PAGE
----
Super Bowl Monday - should it be a national holiday?

Super Bowl I MVP Bart Starr tosses a pass against the Kansas City Chiefs.
AP Photo/Los Angeles Times

I’ve seen every Super Bowl – from the very first and the second involving the Green Bay Packers on my grandmother’s “new” color television to Super Bowl XLVII on our digital wide screen.

Technology has changed over the past 47 years, as has the game of football. Five of those Super Bowls have been very special, with one of those five, Super Bowl XXXII being the downer. But for every football fan like me, each and every Super Bowl Sunday is special – a fun day of high expectations, food, friends and the end of a national season that has included everything from Vince Lombardi to blackouts.

We love the day, but hate the day after – Super Bowl Monday. How much work have we really gotten done over the years as we’ve stood around talking about Vince Lombardi’s final game in Green Bay, Joe Namath and the Jets dominating the Colts, Brett Favre, Reggie White and Desmond Howard bringing the title – and the trophy – back to Titletown, and of course Aaron Rodgers and the Packers’ incredible Super Bowl-winning run in 2010? And those are just some of the games we’ve cared about.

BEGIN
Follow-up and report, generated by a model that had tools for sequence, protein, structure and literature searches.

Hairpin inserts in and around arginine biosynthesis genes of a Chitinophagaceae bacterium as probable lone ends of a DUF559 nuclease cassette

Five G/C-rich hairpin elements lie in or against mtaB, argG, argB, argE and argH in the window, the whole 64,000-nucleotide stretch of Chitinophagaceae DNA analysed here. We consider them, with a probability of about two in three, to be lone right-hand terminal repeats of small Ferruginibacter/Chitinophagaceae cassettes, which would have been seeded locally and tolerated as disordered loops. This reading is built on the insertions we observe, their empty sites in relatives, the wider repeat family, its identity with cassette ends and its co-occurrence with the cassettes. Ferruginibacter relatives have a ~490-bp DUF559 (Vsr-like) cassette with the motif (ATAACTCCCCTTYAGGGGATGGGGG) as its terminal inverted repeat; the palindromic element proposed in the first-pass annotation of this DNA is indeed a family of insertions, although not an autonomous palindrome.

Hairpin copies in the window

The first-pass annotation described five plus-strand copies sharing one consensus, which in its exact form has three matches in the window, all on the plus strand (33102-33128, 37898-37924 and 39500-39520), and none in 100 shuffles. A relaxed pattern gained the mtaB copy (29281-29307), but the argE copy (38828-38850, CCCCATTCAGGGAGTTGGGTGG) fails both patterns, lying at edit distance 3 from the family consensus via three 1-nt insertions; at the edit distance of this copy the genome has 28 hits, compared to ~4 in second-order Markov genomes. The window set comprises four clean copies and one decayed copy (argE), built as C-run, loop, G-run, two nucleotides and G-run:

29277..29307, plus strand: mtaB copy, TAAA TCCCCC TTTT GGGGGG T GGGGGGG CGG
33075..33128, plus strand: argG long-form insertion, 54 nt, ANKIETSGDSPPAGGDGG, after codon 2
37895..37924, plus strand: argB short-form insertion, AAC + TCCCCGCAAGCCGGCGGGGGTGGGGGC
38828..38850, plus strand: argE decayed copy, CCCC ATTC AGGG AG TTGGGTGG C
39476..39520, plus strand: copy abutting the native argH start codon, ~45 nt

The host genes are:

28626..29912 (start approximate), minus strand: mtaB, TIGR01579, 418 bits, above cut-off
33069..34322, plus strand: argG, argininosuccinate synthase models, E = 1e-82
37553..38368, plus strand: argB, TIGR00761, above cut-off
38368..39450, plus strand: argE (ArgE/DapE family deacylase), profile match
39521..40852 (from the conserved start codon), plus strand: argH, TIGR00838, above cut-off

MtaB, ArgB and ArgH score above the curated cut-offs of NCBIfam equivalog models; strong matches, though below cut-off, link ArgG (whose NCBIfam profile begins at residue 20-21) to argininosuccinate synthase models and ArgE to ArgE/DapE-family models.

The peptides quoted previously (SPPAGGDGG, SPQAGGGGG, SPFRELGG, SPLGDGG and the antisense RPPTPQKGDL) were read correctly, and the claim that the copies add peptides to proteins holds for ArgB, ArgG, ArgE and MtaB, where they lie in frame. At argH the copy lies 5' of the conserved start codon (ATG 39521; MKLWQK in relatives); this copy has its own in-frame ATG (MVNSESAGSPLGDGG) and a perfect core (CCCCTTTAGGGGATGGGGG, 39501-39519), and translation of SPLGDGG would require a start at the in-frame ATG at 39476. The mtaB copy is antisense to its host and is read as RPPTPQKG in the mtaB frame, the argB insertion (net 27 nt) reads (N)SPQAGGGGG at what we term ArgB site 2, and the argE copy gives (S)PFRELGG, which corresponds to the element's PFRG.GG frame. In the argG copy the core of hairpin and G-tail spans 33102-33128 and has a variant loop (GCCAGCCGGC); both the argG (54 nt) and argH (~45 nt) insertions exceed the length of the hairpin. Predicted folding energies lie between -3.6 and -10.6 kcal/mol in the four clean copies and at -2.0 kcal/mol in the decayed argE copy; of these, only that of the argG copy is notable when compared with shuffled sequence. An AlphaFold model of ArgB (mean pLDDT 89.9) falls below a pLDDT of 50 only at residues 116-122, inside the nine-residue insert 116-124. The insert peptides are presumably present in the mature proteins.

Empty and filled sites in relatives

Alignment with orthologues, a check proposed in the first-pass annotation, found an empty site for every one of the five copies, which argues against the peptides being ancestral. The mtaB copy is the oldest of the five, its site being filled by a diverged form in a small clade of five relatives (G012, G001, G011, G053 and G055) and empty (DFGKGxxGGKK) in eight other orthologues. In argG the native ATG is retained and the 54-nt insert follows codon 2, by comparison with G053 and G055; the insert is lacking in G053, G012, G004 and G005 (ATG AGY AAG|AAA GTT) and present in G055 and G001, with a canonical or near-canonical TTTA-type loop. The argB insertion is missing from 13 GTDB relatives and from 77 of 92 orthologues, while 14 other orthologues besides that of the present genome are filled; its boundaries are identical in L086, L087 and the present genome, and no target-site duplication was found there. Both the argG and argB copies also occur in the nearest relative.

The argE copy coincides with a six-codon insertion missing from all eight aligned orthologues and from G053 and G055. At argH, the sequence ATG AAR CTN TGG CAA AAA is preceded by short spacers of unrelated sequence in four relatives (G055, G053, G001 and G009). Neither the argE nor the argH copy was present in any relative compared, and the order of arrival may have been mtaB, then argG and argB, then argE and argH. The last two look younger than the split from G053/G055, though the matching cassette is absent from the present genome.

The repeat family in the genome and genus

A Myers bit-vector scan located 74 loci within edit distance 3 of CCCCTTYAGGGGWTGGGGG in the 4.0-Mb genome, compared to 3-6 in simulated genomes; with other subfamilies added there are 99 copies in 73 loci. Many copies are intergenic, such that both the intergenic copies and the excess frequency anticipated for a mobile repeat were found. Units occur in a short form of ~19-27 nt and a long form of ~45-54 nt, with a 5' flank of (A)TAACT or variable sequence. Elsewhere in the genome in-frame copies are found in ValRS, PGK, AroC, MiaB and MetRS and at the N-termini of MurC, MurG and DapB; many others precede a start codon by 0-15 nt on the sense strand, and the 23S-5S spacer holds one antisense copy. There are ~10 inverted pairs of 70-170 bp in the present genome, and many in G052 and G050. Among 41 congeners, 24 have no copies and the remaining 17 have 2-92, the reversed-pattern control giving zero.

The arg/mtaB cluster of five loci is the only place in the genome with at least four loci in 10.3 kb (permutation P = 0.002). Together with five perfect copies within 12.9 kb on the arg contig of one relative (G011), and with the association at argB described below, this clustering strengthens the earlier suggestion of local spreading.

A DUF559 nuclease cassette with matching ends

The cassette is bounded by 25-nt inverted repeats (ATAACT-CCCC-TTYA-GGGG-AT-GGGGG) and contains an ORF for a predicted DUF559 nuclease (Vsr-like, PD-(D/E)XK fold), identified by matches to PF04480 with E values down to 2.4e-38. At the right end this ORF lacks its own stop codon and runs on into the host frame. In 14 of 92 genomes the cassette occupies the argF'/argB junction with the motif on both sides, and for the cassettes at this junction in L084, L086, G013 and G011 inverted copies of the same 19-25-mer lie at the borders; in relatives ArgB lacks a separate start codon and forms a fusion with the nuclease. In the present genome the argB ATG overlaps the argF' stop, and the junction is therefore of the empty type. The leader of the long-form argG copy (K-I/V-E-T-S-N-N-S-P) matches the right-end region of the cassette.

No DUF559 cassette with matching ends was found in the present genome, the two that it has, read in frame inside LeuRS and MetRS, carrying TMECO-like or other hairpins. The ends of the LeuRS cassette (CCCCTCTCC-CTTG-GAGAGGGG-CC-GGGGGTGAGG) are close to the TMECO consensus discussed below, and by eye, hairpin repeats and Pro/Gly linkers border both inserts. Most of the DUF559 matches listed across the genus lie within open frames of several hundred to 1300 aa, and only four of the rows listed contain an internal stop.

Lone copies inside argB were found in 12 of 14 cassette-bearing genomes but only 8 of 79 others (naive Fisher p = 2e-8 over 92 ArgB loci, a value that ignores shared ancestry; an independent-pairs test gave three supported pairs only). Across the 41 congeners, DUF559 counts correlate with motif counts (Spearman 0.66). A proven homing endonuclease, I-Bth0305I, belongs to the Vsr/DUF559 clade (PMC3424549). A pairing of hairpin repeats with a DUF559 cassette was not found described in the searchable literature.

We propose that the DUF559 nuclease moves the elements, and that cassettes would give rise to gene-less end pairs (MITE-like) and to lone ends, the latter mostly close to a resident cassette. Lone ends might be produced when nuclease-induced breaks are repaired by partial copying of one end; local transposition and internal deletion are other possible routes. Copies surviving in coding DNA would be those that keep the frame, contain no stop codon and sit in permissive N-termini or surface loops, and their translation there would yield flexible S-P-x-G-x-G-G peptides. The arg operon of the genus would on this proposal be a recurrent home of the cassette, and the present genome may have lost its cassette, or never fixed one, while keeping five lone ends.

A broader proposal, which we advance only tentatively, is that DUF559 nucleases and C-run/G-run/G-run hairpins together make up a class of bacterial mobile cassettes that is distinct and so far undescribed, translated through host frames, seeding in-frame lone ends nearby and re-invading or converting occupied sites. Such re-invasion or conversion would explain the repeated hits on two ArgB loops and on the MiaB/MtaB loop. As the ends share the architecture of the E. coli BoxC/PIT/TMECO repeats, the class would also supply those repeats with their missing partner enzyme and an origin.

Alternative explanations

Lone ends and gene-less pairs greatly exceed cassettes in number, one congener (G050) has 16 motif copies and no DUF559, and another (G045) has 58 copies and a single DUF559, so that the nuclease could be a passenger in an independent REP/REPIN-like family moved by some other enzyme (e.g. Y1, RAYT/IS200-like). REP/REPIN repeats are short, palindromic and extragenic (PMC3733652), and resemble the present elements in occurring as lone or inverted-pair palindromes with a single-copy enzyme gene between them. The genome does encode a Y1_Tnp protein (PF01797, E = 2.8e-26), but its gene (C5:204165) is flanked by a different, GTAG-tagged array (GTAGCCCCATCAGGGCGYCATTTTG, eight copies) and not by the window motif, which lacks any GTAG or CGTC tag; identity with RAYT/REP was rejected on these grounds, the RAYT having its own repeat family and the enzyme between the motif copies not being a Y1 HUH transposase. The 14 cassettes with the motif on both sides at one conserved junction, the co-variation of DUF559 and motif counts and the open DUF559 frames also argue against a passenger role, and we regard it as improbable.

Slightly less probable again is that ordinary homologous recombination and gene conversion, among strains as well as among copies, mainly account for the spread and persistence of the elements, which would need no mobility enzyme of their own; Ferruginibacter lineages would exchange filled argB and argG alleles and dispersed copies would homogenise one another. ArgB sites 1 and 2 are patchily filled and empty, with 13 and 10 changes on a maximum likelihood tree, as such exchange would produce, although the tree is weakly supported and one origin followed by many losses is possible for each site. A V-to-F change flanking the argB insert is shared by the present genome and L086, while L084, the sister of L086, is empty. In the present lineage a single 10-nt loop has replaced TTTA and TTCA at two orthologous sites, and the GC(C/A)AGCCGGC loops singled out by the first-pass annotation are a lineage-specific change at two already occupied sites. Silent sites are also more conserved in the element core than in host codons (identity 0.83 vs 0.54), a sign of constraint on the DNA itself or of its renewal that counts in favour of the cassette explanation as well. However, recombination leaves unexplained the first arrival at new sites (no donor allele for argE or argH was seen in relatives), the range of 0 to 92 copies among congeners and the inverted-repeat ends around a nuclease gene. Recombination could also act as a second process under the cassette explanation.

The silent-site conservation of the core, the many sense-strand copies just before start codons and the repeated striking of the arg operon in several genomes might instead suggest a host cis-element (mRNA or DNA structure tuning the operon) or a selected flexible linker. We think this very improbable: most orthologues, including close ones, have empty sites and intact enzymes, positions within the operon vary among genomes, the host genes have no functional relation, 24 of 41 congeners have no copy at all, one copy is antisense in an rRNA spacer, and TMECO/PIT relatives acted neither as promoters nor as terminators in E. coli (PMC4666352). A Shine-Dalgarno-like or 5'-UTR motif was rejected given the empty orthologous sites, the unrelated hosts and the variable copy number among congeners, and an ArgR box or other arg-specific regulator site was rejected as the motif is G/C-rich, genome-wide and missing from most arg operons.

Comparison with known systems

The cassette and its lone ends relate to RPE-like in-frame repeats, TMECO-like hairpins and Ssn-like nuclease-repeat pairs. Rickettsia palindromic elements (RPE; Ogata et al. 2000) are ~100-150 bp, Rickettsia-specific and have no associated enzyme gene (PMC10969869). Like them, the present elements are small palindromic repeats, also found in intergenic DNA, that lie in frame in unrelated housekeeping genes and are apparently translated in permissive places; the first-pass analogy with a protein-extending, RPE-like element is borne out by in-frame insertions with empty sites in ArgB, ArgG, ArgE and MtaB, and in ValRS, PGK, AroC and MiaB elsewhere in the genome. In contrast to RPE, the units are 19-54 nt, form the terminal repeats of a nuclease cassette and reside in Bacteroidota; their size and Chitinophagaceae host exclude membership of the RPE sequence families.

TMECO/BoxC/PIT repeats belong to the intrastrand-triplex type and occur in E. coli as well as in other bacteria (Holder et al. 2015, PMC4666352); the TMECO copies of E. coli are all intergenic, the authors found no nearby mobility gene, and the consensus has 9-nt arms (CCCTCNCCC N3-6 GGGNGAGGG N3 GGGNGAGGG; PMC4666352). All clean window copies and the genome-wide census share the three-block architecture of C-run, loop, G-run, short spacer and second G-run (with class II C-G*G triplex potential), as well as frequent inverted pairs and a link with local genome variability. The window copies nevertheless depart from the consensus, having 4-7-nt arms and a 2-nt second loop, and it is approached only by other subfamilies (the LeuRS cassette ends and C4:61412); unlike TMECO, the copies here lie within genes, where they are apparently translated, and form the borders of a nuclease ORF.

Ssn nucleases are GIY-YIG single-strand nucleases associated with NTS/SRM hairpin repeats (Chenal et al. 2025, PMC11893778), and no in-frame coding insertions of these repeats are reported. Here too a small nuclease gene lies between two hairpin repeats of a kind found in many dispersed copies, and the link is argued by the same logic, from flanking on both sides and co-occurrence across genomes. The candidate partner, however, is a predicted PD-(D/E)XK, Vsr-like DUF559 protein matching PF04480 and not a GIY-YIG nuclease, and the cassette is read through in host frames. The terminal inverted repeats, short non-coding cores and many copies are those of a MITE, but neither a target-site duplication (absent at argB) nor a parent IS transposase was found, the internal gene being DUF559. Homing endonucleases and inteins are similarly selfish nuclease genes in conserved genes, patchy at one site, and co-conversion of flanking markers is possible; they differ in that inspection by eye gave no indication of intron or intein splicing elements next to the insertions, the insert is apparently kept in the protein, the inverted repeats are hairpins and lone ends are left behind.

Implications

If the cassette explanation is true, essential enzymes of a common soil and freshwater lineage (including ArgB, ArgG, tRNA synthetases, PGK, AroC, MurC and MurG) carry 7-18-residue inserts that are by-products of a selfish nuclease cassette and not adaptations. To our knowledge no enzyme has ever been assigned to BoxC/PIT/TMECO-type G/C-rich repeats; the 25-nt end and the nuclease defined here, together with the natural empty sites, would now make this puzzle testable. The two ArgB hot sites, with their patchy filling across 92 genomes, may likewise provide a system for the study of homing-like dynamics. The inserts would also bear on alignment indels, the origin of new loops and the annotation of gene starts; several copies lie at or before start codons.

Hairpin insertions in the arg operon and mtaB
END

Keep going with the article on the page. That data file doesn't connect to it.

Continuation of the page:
There have been so many other Super Bowls that brought us much entertainment … and late nights of watching replay after replay. We just simply can’t get enough.

So, now it’s time to make Super Bowl Monday a national holiday and you can help make it happen. Helped along by, all you have to do is head to this site, make an account, and sign the petition. As of Saturday, Feb. 16, there were just more than 17,000 who had signed the petition – there’s got to be 100,000 signees for consideration, so there’s a way to go by the Feb. 23 deadline. Check it out and tell your friends, if you’re so inclined. If not, just get ready to head to work Super Bowl Monday like we’ve done for the past 47 years.

Here’s the reasoning put forth by on the White House petition page:

In 2012, an estimated 111 million American citizens watched the Super Bowl, making it the most-viewed television broadcast in history and one of the largest location-independent gatherings of American people to date.

We at Fantasy Football petition the Obama Administration to consider declaring the Monday following Super Bowl Sunday a national holiday. By doing so, the Obama Administration can promote camaraderie among the American people, keep the streets safer for our children on Sunday night and Monday morning, promote a productive workplace when work resumes on Tuesday, and honor the most popular event in modern American culture.

I wouldn’t mind having Super Bowl Monday off. How about you?


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